Thursday, October 16, 2014

Bangkok Cinema Scene: Movies opening October 16-22, 2014

Dracula Untold


Luke Evans stars in Dracula Untold, a historical-epic retelling of the origins of literature's most famous vampire.

Evans is Prince Vlad, a former Turkish slave whose peaceful life is disrupted when the local sultan (Dominic Cooper) wants Transylvanian boys to fill out the ranks of his army. Not wanting to lose his son, Vlad makes a deal with the Master Vampire (Charles Dance of Game of Thrones) to gain vampire-like powers for three days. However, if he gives in to the taste of blood, he'll be a vamp forever.

Sarah Gadon also stars. Gary Shore, a first-time feature helmer, directs this latest entry in Universal studio's push to reboot all its classic monster-movie franchises.

Critical reception is mostly negative. There's probably better things to see, such as anything at the World Film Festival of Bangkok. Rated 15+




Also opening



Sbek Gong – The biggest-budget movie yet made in Cambodia, Sbek Gong is an insane blend of comedy, romance and the supernatural, as well as contemporary Cambodian society and the old traditional ways. The story involves the conflict between rival disciples of a black-magic master. Sisowath Sereiwudd, Un Sethea, Nhem Sokun and Duch Lida star. Pol Vibo directs. It's Thai-dubbed only; subtitles uncertain. Rated 18+


The Best of Me – Yet another tear-jerking Nicholas Sparks romance novel is adapted for the big screen, telling the mushy story of former high-school sweethearts who are reunited after 20 years when they return to their small town for the funeral of a friend. Although romance is reignited, they find that the forces that drove them apart 20 years ago still exist. James Marsden and Michelle Monaghan star as the lovers with their younger counterparts portrayed by Luke Bracey and Liana Liberato. Michael Hoffman (Gambit, The Last Station) directs. Critical reception is mixed. Rated 15+


3 Antarai (3 อันตราย, a.k.a. TV Game Net) – Thai society's cultural ills are fingered in this compilation of three stories. They involve a schoolboy who tries to rape his girlfriend after watching a TV show, a gunman coping with his autistic son’s addiction to video games and a college student who becomes involved in the online sex trade. At 6.30 nightly until Wednesday at the Lido.


Saint Seiya: Legend of Sanctuary – In this computer-animated adaptation of the popular manga, five young armored sword-toting warriors are given the mission of protecting the reincarnation of the goddess Athena. It's SF Cinemas, Thai-dubbed, except for Terminal 21. Rated G.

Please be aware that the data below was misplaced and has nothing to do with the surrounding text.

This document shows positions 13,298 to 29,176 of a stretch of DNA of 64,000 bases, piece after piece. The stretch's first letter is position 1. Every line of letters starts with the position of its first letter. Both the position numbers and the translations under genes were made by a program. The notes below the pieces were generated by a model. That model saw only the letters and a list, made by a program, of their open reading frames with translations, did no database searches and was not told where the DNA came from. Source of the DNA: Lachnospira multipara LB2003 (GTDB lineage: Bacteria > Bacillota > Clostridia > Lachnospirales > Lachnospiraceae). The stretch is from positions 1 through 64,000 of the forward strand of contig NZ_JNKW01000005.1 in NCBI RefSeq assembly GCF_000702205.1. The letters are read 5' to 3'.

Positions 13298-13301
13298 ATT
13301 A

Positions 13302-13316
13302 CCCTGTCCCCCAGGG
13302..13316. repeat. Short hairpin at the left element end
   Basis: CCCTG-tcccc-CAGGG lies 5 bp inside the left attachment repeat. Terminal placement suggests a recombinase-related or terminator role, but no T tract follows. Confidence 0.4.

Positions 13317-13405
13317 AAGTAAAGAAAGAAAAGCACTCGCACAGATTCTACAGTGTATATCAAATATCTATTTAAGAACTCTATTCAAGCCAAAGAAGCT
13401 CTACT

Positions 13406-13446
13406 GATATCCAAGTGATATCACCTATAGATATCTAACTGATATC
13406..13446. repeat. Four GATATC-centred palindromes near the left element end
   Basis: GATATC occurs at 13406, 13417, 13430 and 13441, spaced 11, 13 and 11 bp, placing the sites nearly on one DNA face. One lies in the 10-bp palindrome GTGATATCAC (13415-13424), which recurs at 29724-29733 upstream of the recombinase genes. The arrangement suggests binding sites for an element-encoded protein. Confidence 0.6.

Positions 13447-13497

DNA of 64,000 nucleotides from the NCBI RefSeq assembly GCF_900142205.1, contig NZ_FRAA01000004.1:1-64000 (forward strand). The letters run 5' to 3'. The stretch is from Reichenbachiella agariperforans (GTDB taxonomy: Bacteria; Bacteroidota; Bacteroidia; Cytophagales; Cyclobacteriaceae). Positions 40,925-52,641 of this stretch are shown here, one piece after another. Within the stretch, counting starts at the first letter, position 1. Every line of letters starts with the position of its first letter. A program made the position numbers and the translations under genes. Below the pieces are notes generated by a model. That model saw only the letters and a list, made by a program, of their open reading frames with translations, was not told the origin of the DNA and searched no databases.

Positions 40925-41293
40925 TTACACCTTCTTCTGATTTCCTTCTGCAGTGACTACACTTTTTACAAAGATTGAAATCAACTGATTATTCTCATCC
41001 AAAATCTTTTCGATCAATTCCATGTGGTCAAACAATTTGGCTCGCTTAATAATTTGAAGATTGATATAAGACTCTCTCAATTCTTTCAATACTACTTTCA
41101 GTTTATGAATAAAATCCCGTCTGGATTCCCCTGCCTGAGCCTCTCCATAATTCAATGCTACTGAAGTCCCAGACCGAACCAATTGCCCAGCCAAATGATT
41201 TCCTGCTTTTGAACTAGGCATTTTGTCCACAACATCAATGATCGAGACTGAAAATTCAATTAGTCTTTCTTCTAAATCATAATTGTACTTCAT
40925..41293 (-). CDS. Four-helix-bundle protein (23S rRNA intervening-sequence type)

Also showing


The Friese-Greene Club – Wong Kar-wai makes his English-language debut wth tonight's screening, My Blueberry Nights, starring musician Norah Jones as a young drifter woman. "I'm not even supposed to be here today." That's the plaintive uttering of the hero of Clerks, the low-budget cult film that launched the career of Kevin Smith. I assure you, it's showing at 8 tomorrow. Saturday's Friedkin film is The Birthday Party, adapted from a play by Harold Pinter. And on Sunday don't blink for the Hitchcock highlight, Rope, which is essentially just one long take. Next Wednesday's Richard Attenborough tribute is his biopic Chaplin, with a bravura performance by Robert Downey Jr. Shows are at 8pm. The FGC is down an alley next to the Queen's Park Imperial Hotel on Sukhumvit Soi 22. There's just nine seats, so book them. Also, check the Facebook page for updates and program changes.


12th World Film Festival of Bangkok – Opening tomorrow night with the Thai documentary Somboon, there are many highlights. Saturday's entries include Ice Poison, the latest drama by Myanmar director Midi Z. There's also The Blue Room from France, as well as Truffaut's classic The Last Metro, which also runs on Sunday. And there's a whole bunch of French animation, including the French-Israeli production The Congress, a sci-fi fantasy about an actress (Robin Wright) who sells off the rights to her digital image. The festival is at SF World at CentralWorld. Tickets are 120 baht. For the full schedule, check the festival website.


Alliance Française – Classic French films are on offer in October with the theme of "eternal thrillers". Next week it's L’assassin habite au 21 (The Assassin Lives at No 21), a 1942 thriller by Henri-Georges Clouzot. Pierre Fresnay stars as a police inspector who goes undercover in a boarding house in a bid to catch a serial killer. It's in French with English subtitles at 7pm on Wednesday, October 22.



Sneak previews